Vintage City Park Photos and Brief History
Popp Bandstand, 1920's
From the "History of New Orleans" by John Kendall, published in 1922:   "City Park was once part of the
plantation of Louis Allard, having been purchased by his grandfather in the 1770's.  Toward the end of
his life, Allard's fortunes declined and he was forced to dispose of his land.  The last remnant,
comprising a part of the present park, was purchased by John McDonogh at sheriff's auction.  At his
death in 1850, McDonogh left the land to the cities of New Orleans and Baltimore.  New Orleans
acquired it and decided to devote it to use as a park.  By special agreement, Allard was permitted to live
out his life on the property and, when he died, he was buried in a quiet spot under a favorite oak tree.  
The tomb is still to be seen."
More duels were fought in New Orleans than in any other American city and the Allard property was a
popular destination of duelists.  The location came to be known as the "Dueling Oaks" or the "Old
Dueling Ground."  Many
"affaires d'honneur" were settled under the great oaks (on one day in 1839, ten
duels were fought there).  Dueling wasn't outlawed until 1890, 36 years after the property was made into
a public park.
During the Franklin Roosevelt administration in the late 1930's-early 1940's, the park underwent an
expansive improvement program.  More than 20,000 people were employed through Works Progress
Administration, and $12 million Federal dollars were spent, building bridges, fountains, gardens, a
stadium and roads through the park, as well as digging more than 10 miles of lagoons, all the work done
by hand.
City Park is one of the oldest public parks in the country.  Today, it encompasses over 1,300 acres of
land.  It's the 6th largest public park in the United States and the 7th most visited.  It has the largest
collection of mature live oaks in the world.  The flooding of 2005 did extensive damage to the park,
destroying 1,000 trees and almost all of the plants in the Botanical Garden, but a majority of the 1,000
live oaks survived.  Thanks to Herculean efforts by park staff and scores of volunteers, the park is
recovering.  Buildings and attractions have been repaired and thousands of new plants and trees have
been planted.  The park's 104-year-old carousel - one of only 100 antique wooden carousels in the
United States - was meticulously restored after the flood.
Part of City Park's charm lies in its buildings, bridges and sculptures, ranging between styles of Art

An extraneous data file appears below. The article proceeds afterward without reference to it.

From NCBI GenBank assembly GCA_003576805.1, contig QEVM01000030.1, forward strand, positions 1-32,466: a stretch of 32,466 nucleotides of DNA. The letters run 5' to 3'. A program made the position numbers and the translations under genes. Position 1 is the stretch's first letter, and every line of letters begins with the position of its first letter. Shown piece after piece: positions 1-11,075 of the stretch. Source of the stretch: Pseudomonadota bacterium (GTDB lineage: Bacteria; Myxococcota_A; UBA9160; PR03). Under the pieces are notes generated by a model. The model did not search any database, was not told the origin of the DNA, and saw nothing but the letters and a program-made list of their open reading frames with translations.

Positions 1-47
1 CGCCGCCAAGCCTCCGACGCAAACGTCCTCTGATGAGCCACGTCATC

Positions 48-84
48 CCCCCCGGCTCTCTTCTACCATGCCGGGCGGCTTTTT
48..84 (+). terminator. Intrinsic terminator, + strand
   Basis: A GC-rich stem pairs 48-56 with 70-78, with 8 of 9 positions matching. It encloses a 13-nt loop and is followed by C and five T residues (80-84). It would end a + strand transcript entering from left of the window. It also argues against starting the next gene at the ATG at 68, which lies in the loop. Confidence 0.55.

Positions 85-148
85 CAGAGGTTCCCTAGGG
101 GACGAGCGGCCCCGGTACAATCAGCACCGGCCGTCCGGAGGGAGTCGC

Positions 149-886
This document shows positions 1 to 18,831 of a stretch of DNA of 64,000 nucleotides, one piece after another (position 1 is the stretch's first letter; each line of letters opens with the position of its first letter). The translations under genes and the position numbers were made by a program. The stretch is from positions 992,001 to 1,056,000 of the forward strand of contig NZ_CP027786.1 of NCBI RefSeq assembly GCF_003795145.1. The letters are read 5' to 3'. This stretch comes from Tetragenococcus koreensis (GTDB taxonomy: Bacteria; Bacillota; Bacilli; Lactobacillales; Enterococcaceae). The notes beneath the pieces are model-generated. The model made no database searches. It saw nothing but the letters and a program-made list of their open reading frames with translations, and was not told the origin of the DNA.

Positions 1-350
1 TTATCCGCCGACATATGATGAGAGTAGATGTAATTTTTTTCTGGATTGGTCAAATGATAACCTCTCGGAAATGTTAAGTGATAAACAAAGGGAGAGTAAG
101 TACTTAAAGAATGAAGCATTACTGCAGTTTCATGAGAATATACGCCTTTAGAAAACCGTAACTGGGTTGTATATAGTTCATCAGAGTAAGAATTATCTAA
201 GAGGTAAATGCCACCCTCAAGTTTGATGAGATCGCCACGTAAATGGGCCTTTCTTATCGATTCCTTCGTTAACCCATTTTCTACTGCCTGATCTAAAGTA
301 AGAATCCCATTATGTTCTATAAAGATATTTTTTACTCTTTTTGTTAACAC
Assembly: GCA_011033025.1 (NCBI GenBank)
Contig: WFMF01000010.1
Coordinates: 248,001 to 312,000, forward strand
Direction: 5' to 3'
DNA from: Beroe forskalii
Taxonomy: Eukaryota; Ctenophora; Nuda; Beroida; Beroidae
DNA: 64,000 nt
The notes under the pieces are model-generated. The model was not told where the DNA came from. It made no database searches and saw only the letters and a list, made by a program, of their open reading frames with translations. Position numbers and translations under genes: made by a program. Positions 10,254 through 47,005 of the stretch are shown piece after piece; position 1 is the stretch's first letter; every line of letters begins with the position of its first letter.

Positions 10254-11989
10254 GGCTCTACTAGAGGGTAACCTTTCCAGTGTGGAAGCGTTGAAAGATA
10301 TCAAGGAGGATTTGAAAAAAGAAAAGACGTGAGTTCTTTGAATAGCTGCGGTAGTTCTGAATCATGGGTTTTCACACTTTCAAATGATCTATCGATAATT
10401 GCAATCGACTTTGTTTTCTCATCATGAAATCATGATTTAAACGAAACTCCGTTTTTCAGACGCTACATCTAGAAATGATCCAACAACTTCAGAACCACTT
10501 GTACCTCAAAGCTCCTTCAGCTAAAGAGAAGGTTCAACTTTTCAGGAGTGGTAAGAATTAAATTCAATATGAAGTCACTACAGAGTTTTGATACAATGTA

Deco, Neo-Classical Revival and Modern.  Ten of City Park's bridges are named in a list of "Historic
Bridges of the United States."
Every holiday season brings another fantastic display of "Celebration in the Oaks" to City Park, where
nearly 1 million lights decorate the ancient oaks.
Popp Bandstand; constructed in 1917; John Phillip Sousa
performed here in 1928; above, 1939; below, 2008.
One of City Park's arch bridges, above in 1942; below, today.
(Many thanks to JoAnn Randall for the photo below.)
The City Park Avenue entrance; above, 1900, below, 2007.
Wisner Avenue entrance; left, early 1900's; right, 1920's
Some photos on this page are courtesy of the Library of Congress.

The link to this page is:

The Hyams Wading Pools
The City Park Peristyle
Vintage City Park Photos, 1899-1913
Click here for interactive movie of City Park Carousel.

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Left, aerial view of WPA's newly completed City Park Stadium, 1940's; right, poster for the Beatles' concert
held there, 1964.  The stadium was later renamed Tad Gormley Stadium.  After flooding damaged the field
in 2005, Saints football player, Reggie Bush, donated over $80,000 to repair the field so high school teams
could continue to play there; in his honor, the playing field is now known as Reggie Bush Field.
Wisner Avenue entrance; left, 1936; above, 2007.
City Park photographer, 1941
Hyams Fountain & Wading Pool, "Given to the little children of New Orleans" by
Sara Hyams, constructed in 1914; the fountain is now a part of the Carousel Garden.
Irby swimming pool, constructed 1924.
Felix Dreyfous reads through minutes of
Park Improvement Association, 1941; a
street in the park is named after Mr.
Dreyfous, an original member of the group.
The first carousel debuted in City Park in 1897 -- it was pulled by mules!  In 1906, this
magnificent mechanical carousel was acquired.  It's one of only 100 antique wooden
carousels still in operation in the United States.  It was painstakingly restored after the
2005 flood damaged it.  Many thanks to
Susan McNeill, for the carousel photos.
A WPA-constructed bridge in City Park, 2008.
New Orleans Museum of Art, in City Park, is shown above when it was called Delgado Museum of
Art, ca. 1920's.  The museum was established in 1911, with a bequest from Isaac Delgado.
A few of City Park's oaks.
[This photo and the one below are thanks to Louis Wiltz.]
City Park train winds under the hanging moss of the ancient oaks.
Ancient oak trees of City Park; photo some time before 2005.
Many thanks to Duane Cambre for sharing this picture.